Iraqi forces say they have seized Hatra antiquities site
Iraqi forces say they have captured Hatra, a 2,000-year-old historical site near the northern city of Mosul where a battle with the Islamic State group has been raging for months.
The media arm of the state-sanctioned force made up mainly of Shiite militias broadcast images of the site, showing what appeared to be the ancient ruins in the distance as militia vehicles drove through open desert.
It was unclear from the video if the forces had actually secured the ancient site.
Karim al-Nouri, a spokesman for the paramilitary forces, told state TV they captured the Unesco world heritage site and were around two miles from a nearby town with the same name, without providing further details.
Iraqi forces often claim to have driven IS from areas that are still far from secure, or that quickly fall back into the militants' hands.
Hatra is believed to have been built in the second or third century BC by the Seleucid Empire.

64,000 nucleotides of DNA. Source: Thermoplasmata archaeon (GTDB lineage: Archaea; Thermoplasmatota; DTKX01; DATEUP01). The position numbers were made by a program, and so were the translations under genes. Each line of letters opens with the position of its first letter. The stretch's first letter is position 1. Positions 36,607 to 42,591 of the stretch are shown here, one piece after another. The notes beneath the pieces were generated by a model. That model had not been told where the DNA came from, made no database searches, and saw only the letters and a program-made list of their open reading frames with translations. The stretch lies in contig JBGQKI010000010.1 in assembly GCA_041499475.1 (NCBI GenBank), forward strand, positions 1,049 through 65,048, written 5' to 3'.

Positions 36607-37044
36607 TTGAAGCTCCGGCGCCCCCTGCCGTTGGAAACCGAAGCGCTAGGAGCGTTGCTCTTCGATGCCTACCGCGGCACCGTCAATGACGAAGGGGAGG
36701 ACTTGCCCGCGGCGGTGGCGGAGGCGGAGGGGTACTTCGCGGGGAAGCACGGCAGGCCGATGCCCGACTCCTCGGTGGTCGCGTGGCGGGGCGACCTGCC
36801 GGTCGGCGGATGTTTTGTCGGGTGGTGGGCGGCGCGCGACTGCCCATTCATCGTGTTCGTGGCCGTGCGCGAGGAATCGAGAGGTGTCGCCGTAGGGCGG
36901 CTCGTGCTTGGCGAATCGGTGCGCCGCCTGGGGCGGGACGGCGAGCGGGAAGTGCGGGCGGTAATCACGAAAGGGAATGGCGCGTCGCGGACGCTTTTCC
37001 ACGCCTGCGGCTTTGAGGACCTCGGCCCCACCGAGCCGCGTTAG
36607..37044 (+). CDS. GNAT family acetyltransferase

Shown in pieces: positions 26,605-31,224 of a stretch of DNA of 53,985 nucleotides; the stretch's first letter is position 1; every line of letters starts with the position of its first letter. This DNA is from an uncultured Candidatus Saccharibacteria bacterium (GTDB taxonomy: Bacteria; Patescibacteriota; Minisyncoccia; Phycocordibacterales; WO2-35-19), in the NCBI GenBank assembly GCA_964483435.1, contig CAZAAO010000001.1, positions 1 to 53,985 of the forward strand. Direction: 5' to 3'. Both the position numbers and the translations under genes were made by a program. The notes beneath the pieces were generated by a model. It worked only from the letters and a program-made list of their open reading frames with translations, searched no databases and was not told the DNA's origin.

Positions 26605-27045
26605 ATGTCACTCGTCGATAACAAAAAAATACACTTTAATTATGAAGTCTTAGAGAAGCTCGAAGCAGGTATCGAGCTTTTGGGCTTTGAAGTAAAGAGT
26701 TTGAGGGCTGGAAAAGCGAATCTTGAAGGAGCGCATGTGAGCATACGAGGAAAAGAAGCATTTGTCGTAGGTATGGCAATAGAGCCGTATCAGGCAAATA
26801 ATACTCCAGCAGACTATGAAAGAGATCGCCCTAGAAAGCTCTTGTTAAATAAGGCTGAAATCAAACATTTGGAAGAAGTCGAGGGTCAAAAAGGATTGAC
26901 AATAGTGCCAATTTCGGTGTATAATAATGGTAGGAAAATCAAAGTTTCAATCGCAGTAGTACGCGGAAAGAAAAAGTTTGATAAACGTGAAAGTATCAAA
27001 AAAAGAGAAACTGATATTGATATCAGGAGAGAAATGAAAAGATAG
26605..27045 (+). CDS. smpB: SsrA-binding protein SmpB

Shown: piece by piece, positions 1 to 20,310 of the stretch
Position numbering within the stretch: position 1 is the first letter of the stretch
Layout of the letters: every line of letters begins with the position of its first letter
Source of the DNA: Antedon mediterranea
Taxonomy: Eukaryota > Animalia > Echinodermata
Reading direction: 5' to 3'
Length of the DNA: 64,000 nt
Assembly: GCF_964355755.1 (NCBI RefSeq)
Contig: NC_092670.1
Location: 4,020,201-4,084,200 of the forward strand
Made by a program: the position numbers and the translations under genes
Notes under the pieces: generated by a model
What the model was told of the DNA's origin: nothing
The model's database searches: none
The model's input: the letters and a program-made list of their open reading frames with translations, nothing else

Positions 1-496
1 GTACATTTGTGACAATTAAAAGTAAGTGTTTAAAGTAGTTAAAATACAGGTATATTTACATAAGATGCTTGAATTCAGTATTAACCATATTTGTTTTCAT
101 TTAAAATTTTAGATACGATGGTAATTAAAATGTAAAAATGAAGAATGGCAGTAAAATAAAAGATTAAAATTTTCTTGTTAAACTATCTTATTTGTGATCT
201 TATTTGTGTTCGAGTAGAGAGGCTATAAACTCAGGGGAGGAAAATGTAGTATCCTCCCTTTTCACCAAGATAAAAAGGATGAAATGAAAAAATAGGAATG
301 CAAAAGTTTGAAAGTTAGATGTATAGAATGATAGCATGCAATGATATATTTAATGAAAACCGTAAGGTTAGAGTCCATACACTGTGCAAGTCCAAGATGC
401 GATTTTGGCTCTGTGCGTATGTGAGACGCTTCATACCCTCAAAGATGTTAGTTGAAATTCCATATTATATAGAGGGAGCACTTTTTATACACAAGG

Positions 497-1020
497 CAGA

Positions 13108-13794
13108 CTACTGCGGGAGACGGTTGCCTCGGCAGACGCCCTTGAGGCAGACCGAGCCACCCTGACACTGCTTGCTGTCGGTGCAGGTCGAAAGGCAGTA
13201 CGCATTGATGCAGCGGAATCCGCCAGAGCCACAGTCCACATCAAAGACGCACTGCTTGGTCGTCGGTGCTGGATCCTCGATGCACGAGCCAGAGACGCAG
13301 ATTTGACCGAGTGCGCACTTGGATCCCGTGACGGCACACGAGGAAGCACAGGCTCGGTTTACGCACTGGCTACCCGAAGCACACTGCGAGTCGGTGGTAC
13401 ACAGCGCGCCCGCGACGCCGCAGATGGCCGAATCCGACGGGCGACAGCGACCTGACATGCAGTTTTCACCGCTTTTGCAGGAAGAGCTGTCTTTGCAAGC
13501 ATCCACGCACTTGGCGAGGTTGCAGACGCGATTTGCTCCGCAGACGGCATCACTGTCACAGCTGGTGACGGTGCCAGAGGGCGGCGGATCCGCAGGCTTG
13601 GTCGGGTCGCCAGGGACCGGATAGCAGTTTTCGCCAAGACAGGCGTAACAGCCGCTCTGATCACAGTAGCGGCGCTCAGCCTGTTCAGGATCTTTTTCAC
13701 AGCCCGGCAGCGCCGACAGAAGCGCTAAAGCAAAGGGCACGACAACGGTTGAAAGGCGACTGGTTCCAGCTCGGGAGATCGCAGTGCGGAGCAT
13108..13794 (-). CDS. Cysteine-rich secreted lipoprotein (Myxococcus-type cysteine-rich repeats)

IS militants destroyed it along with other major historical sites in and around Mosul after seizing much of northern Iraq in the summer of 2014.
The extremist group believes antiquities promote idolatry, though it is also believed to sell artefacts on the black market to fund its operations.
In April 2015, IS released a video showed the extremists smashing sledgehammers into Hatra's walls and firing assault rifles at priceless statues.
At one point, the video showed a militant on a ladder using a sledgehammer to bang repeatedly on the back of a carved face until it crashed to the ground and broke into pieces.
Hatra, located about 68 miles south west of Mosul, flourished during the first and second centuries as a religious and trading centre.
It was a large, fortified city during the Parthian Empire and capital of the first Arab kingdom.
The site is said to have withstood invasions by the Romans in AD 116 and AD 198 thanks to its high, thick walls.